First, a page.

I have experienced it and desired it for years without knowing there is a word for it. But I’ve finally discovered it!
Petrichor. I said it out loud. I followed the advice I have given my kids on many occasions when they did not understand the meaning of a word: “Use it in a sentence.” So, here it is: The petrichor trapped in the dusty soil was released by the pounding rain.
The word is a combination of two ancient Greek words: petros — the rocks that form the surface of the Earth — and ichor — the “essence” that they believed flowed through the veins of their gods.
PBS’s Joe Hanson describes it as the following:
“When decomposed organic material is blown airborne from dry soil, it lands on dirt and rock where it’s joined by minerals. And the whole mixture is cooked in this magical medley of molecules. Falling raindrops then send those chemicals airborne, right into your nostalgic nostrils.”
Typically, discovering a previously unknown word gives me tremendous pleasure. It’s like finding a shortcut to a place I frequently visit or an easier recipe that yields the same results. But not this word. I felt deflated, the exact opposite of how I usually feel after actually experiencing what “petrichor” is describing.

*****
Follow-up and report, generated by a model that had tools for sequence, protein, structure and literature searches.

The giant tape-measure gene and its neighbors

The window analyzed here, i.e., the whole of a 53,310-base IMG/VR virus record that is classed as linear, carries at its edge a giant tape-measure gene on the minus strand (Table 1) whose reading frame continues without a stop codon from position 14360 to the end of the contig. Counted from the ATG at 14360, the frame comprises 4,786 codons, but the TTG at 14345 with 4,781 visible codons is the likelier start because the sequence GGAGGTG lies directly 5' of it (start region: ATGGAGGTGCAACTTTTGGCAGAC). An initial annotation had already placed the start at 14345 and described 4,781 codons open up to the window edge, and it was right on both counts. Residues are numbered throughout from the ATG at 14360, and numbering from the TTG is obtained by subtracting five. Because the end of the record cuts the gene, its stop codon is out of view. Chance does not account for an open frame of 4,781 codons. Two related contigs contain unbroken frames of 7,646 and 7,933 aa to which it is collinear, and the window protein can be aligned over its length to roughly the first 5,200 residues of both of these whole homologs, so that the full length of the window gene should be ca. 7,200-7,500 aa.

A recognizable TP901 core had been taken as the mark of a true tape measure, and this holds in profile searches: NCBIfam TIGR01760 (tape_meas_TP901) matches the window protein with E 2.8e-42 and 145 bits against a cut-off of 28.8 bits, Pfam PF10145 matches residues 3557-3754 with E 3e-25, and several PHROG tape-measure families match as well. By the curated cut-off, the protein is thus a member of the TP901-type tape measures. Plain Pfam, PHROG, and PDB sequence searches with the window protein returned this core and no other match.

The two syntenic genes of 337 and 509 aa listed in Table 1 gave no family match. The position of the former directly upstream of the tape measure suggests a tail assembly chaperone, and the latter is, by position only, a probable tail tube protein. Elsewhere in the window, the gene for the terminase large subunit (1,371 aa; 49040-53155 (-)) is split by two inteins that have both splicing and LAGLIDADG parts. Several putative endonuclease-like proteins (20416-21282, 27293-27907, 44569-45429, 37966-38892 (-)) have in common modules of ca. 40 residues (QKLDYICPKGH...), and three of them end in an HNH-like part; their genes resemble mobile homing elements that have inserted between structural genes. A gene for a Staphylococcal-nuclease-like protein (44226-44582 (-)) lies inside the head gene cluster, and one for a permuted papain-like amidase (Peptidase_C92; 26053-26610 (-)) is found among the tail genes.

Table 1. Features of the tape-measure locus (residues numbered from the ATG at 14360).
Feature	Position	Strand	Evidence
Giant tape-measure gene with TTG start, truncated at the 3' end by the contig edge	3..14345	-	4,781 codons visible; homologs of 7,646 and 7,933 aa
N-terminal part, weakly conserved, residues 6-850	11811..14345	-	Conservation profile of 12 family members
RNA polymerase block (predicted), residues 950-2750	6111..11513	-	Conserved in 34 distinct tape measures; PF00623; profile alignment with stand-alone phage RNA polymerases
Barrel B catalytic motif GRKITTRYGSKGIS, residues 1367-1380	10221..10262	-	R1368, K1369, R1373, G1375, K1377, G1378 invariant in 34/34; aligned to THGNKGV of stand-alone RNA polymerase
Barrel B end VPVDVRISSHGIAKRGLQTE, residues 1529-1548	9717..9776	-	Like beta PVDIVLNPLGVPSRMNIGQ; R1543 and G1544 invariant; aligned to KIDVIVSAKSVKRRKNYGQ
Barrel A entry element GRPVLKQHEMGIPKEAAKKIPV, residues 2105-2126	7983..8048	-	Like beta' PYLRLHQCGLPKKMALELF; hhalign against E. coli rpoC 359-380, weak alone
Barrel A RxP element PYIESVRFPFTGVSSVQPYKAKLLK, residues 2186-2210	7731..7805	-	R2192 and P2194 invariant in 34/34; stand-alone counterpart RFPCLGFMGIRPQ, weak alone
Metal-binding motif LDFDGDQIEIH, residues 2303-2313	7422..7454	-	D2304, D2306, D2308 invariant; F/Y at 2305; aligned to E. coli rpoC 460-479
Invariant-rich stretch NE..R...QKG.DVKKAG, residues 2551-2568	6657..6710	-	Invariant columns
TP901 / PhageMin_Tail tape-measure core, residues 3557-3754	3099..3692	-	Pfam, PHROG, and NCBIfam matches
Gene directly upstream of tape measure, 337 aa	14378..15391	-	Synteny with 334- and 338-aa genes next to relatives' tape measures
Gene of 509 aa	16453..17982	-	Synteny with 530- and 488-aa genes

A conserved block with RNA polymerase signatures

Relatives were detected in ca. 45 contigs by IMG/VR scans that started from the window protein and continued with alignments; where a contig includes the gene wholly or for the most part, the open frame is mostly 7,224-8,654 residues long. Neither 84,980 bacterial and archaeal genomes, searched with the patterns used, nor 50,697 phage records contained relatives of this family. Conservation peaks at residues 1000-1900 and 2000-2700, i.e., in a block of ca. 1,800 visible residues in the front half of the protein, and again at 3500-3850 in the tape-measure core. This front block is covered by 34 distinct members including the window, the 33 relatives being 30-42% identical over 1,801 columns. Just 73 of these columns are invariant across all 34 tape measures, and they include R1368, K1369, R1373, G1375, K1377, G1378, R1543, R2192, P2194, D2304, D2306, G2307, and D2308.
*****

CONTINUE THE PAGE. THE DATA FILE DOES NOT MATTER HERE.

Rain has been a metaphor for longing and nostalgia. Ancient poets have sung about it, Bollywood routinely features songs about it, and I still want to set paper boats to sail in rivulets carved by it. The earthy fragrance released immediately after the rains was one of my favorite things about the monsoon season in India. Just before the first raindrops hit the dry earth, the sky gets dark and thick. The koel (Asian cuckoo) bird’s beseeching call cuts through the air. I have seen peacocks spread their splendorous feathers and dance in anticipation. The stage is set. At first, the thirsty soil cannot take the onslaught, and the huge raindrops begin to flood the seemingly impervious surface. But soon it makes its way into every pore, releasing an earthy fragrance. It was an elemental smell that I knew deep within me. It was a smell that I missed. And somehow knowing the accurate word for it had ruined it for me. The poetry of the experience was gone.
Petrichor. I did not want to take the shortcut.
But on further pondering and research, the word added a previously nonexistent layer. To me, the smell existed only in the moment after the rain. Then it was gone. The fleeting smell induced a longing that had flown across the ocean with me, lain awake with me on cold nights, and kept me company as I sipped Chai, longing for a deep fried pakora. But now I know that it is a signal for plants to grow, for life to renew. The idea of a smell encapsulating the germ of renewal, of a new beginning, was exhilarating. Petrichor, after all, is the exact word that envelopes the coexistence of my memories, the present moment, and my hopes.